As we all approach the end to 2018 and the beginning of a new year, Lexington Emergency Management wants you, your family and friends to stop for a moment or two and resolve to be ready for the next emergency.
This year set a record for rainfall and with that brought flooding to low areas in Fayette County. If your home is susceptible to flooding, now is a good time to make sure that gutters are clean, downspouts are extended to push water away from the foundation and other drainage areas are free from debris.
We can’t emphasize enough the power of flood water, especially if they’re flowing over roads or rushing through creeks and ditches. Six inches of water can stop a car in its tracks. A foot of flowing water can push a car or truck off the road, leaving you stranded or worse. Remember: Turn around – Don’t drown!
Floodwaters aren’t a playground for children. There were several cases this year of children playing in floodwaters and being swept away and drowned. Keep children away from floodwaters.
Another significant emergency in Lexington was a windstorm that knocked out power to more than 150,000 people. It took nearly a week to restore electricity after trees and electric lines were blown down. You need to have a plan for an extended power outage. It can happen any season from winter blizzards and ice storms to spring and summer wind and thunderstorms.
While natural hazards are by their very nature unpredictable, that doesn’t mean we can’t learn from past experience. Even though last winter may have been relatively mild, that doesn’t mean we couldn’t have a below zero cold snap, a serious snow or ice storm.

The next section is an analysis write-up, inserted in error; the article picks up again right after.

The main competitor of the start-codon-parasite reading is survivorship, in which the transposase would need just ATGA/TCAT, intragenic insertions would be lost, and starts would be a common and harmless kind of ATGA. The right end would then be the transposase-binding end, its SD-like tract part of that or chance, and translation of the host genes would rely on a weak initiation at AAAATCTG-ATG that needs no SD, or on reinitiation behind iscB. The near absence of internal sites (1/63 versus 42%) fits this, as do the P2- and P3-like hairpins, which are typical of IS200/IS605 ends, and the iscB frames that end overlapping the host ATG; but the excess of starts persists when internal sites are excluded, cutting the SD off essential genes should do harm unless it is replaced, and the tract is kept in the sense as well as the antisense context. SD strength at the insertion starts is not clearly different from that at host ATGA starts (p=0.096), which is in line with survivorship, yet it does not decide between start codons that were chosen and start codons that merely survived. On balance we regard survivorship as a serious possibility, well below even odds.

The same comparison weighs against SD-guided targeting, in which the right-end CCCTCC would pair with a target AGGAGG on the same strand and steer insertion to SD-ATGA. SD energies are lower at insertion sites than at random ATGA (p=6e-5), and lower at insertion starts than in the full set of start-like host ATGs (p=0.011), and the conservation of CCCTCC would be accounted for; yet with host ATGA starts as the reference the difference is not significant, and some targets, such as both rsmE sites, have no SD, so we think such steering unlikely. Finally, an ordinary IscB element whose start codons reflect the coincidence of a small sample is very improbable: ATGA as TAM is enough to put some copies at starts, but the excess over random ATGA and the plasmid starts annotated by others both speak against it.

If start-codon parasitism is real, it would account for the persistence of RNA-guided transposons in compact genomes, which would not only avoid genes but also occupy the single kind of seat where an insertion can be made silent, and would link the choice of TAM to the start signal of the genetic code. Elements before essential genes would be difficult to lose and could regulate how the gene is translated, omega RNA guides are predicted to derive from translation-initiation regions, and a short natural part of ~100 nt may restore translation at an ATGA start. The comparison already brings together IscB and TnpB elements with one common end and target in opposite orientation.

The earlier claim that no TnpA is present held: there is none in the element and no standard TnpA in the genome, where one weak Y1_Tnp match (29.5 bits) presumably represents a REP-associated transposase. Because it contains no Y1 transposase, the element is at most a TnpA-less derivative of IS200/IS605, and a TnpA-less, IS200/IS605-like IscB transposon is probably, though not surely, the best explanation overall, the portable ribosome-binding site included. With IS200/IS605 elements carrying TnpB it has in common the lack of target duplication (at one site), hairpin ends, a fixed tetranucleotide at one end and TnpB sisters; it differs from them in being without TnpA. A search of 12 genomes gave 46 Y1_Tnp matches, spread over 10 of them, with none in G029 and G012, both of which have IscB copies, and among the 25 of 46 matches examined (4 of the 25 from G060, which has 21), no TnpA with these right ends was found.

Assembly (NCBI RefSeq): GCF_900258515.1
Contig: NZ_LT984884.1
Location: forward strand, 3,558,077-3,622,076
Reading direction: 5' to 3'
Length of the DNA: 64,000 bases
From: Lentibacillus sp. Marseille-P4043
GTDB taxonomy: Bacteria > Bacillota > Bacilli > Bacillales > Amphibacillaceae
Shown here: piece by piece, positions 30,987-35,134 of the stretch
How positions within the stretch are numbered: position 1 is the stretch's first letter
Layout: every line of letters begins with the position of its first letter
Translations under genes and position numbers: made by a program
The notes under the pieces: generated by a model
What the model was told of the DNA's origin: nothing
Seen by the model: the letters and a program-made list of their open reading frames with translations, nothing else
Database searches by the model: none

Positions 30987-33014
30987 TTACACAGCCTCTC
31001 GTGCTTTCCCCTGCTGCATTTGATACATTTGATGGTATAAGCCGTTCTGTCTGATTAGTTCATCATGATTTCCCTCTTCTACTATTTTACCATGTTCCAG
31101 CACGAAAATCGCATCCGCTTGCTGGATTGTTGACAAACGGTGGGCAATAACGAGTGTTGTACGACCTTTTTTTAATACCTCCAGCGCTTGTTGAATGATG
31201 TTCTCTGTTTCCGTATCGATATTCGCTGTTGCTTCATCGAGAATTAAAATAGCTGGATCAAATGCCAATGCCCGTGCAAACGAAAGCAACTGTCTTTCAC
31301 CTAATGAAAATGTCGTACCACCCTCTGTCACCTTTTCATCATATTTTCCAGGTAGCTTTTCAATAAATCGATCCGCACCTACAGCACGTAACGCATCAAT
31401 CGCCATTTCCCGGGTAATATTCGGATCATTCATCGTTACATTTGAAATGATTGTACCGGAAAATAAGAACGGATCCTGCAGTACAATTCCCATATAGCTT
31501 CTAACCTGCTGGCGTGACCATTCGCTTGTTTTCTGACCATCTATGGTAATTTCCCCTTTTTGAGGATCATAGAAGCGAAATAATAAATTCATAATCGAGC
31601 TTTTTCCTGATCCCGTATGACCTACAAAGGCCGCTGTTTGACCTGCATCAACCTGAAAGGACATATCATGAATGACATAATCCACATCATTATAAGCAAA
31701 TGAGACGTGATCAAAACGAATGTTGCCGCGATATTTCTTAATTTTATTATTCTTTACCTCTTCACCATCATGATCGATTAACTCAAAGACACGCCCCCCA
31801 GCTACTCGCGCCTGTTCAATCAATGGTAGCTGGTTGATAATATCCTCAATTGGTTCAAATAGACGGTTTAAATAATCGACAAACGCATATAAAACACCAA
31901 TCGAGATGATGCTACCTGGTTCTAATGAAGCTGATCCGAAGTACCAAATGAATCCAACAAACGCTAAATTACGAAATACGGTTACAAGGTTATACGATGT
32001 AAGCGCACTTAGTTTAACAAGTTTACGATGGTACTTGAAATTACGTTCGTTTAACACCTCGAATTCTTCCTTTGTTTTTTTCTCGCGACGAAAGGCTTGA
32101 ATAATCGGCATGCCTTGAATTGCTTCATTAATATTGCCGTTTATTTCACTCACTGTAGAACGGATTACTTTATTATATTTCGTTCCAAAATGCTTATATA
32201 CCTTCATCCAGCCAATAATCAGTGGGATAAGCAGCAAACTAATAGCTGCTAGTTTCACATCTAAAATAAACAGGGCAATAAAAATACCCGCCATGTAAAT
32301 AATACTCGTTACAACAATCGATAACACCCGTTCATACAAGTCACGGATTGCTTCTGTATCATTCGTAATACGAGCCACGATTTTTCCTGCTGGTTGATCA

Kentuckians place great value on self-reliance and looking out for neighbors and friends. We’ve seen this time and time again when the state has been faced with natural disasters. This self-reliance serves as a cornerstone to building a culture of preparedness and readiness that serves all of our neighborhoods.
That culture starts in the home and community. At home, simple things such as family fire drills or assembling a home preparedness kit can make your family better prepared for any disaster. Knowing where you can get emergency alerts is essential. You should have at least three information sources you trust – Radio and television stations, email, websites, cell phone apps are a good start. In Lexington, you can sign up for LexAlerts. There are many other ways you can stay aware.
The most important small appliance in your home is a NOAA All-Hazards Weather Radio. For about $30 you can be one of the first to know about severe weather advisories, watches and warnings.
You can also become more prepared by ensuring that you and your family are aware of the hazards that can impact your home. Start by checking that smoke, radon and carbon monoxide detectors in your home are functioning properly.
If you are so inclined, join a Community Emergency Response Team or volunteer with an agency of your choosing. We also encourage you to take a first aid, CPR and/or Stop the Bleed course.
We can’t prevent every disaster. But we can be better prepared when disaster strikes. Now is the time to make sure you and your community are ready.